GO
Loading...

SocGen's earnings triple in 2013 but miss estimates

Wednesday, 12 Feb 2014 | 3:51 AM ET
Why 2014 will be 'transition year' for the economy
Wednesday, 12 Feb 2014 | 1:40 AM ET
The global economy will improve but 2014 will be a "transition year" says Severin Cabannes, deputy CEO at Société Générale, saying the bank has a positive but "prudent" outlook for the year.

French banking group Societe Generale reported full-year earnings on Wednesday which failed to meet market expectations but came in three times higher than the previous year.

Net profit for 2013 came in at 2.17 billion euros ($2.96 billion), compared to a consensus estimate in a Reuters poll of 2.25 billion euros. This compared to profits for 2012 which came in at 790 million euros. Speaking to CNBC, Severin Cabannes, the deputy CEO at Societe Generale called the results "solid" and was pleased that all the core parts of the business had contributed to the performance.

A good performance in French retail banking, improved revenues of its Russian activities and "buoyant" results it its financial services for corporations business were the three main pillars of its success, according to Wednesday's press release.

Jean-Claude Coutausse | Bloomberg via Getty Images

"We are well positioned today to meet new challenges and opportunities," he said. "We have deeply strengthened our balance sheet."

(Read more: Investors lose patience with Barclays as profits fall short)

One area of investment banking that failed to match the growth of previous years was its fixed-income unit. 2012 saw increased revenues due to the ultra-easy monetary policies of central banks across the globe. However, investors fell out of love with fixed income in 2013 with the unraveling of quantitative easing programs and yields ticking higher throughout the year. Societe Generale said that adjusted revenues for its fixed-income, currencies and commodities unit were down 18.9 percent year-on-year, but called the results "resilient" after a strong performance in 2012.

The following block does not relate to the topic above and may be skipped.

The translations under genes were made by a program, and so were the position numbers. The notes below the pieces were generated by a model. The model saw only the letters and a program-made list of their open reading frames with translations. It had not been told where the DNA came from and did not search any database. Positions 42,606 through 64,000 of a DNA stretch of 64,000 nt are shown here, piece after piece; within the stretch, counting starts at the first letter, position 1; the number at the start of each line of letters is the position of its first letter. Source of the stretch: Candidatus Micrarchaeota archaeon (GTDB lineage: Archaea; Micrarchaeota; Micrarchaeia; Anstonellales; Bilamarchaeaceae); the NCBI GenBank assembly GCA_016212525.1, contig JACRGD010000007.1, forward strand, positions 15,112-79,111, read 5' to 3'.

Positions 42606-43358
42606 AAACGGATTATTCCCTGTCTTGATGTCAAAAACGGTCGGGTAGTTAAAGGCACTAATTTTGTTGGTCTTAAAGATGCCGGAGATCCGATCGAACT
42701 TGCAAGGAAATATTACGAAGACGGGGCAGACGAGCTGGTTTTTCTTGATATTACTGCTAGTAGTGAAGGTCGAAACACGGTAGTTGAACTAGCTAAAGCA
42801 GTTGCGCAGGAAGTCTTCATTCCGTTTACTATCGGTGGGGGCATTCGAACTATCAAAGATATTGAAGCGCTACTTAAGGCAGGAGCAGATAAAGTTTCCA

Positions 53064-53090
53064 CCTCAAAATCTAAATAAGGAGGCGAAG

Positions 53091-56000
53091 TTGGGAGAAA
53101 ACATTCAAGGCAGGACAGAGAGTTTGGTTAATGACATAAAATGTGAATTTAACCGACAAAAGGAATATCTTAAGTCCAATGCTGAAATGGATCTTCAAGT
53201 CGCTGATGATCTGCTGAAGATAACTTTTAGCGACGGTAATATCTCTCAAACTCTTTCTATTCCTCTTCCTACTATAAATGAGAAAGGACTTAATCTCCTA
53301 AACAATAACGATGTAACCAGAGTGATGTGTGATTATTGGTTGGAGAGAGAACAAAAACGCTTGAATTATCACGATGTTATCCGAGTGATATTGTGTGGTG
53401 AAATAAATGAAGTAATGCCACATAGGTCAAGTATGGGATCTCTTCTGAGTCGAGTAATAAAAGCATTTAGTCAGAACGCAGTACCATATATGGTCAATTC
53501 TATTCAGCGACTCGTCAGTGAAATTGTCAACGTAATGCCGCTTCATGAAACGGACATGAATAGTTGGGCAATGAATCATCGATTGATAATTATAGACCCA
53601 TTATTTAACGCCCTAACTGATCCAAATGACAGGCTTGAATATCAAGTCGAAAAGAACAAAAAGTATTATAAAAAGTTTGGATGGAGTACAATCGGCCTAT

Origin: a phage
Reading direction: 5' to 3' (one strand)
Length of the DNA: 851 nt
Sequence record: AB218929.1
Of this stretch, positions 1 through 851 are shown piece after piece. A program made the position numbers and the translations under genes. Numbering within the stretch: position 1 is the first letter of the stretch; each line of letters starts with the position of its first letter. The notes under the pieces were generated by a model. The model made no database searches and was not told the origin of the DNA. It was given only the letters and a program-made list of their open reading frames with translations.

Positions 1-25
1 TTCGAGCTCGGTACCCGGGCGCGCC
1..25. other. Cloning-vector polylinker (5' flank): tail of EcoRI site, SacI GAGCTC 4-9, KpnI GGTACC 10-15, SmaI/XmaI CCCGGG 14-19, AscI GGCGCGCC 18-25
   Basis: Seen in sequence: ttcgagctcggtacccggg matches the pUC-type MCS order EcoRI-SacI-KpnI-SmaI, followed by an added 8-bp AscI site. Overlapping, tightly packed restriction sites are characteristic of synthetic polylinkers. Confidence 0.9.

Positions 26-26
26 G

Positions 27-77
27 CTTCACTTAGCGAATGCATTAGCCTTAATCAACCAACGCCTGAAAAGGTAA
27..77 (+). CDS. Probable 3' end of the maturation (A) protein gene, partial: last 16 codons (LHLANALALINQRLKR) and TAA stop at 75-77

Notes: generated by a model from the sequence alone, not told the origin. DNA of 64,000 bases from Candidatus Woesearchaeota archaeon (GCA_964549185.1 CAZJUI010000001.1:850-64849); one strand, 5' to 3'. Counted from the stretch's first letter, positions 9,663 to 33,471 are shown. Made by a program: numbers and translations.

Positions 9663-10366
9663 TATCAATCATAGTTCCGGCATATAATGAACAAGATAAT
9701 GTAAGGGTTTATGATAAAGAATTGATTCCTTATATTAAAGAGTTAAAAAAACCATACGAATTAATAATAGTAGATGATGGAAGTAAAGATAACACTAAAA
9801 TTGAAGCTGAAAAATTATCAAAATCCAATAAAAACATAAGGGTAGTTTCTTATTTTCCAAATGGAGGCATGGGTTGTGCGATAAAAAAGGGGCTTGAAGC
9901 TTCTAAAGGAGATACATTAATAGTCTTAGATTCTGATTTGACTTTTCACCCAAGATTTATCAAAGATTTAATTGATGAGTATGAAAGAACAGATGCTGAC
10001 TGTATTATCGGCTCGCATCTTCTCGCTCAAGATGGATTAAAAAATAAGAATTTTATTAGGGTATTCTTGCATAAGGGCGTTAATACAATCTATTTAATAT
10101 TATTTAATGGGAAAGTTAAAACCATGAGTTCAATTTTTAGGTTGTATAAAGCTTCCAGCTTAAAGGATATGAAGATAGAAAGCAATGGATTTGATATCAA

Revenues for its investment bank as a whole rose, up 14 percent compared to 2012. This was helped by a strong performance in its equity activities. For the whole group, revenue came in at 22.8 billion euros, which failed to meet analysts' forecasts of 23.07 billion euros, but showed a rise of 4.3 percent compared to 2012.

Stress tests have 'no impact' on Societe Generale: Deputy CEO
Severin Cabannes, deputy CEO at Société Générale, says the ECB stress tests are a "key process" to restore credibility and stop the "fragmentation" of the region's banking sector.

The French bank also announced a return on equity of 8.4 percent for the year and said that its common equity tier 1 ratio (Basel III) - how much money the bank holds compared to its assets - stood at 10 percent. It added that it would look to pay a dividend of 1 euro per share back to shareholders and is targeting a dividend payout ratio of 40 percent for 2014, up 27 percent from the year before.

Reuters cited CEO Frederic Oudea as saying that the group's bonus pool for employees had been reduced, in stark contrast to U.K. bank Barclays which announced a 10 percent rise in its compensation costs for 2013.

(Read more: Guess who were the unlikely bank earnings' winners)

Cabannes also told CNBC that he was looking forward to the European Central Bank's banking stress tests which began in November. The ECB will publish health tests of Europe's biggest banks before it takes on the task of supervising them. To take the burden of rescuing banks off the shoulders of governments, European leaders agreed to create a system that would move supervision of the financial sector to a European level, and the bank stress tests are seen as an important step towards this "banking union".

Cabannes said the exercise would have no major impact on SocGen and would give more transparency and more trust in the European banking union.

"It will harmonize and standardize the different ways that regulation is implemented in each country. So for us it's a very positive process which would stop the fragmentation process of the European banking market which is a key element for Europe," he said.

Follow us on Twitter: @CNBCWorld

  Price   Change %Change
BARC
---

Featured

Contact Europe News

  • CNBC NEWSLETTERS

    Get the best of CNBC in your inbox

    › Learn More

Europe Video

  • Jan Dunning, CEO of St Petersburg-headquartered hypermarket chain Lenta, says the situation in Ukraine has had no impact on the group, as consumer confidence remains unaffected in Russia.

  • Vincent Deluard, European strategist at Ned Davis Research Group, says the strong euro is a problem for the region's companies, especially for the large exporters.

  • European shares closed higher on Thursday as investors brushed aside concerns regarding Ukraine and focused instead on Wall Street earnings and the latest U.S. jobs data.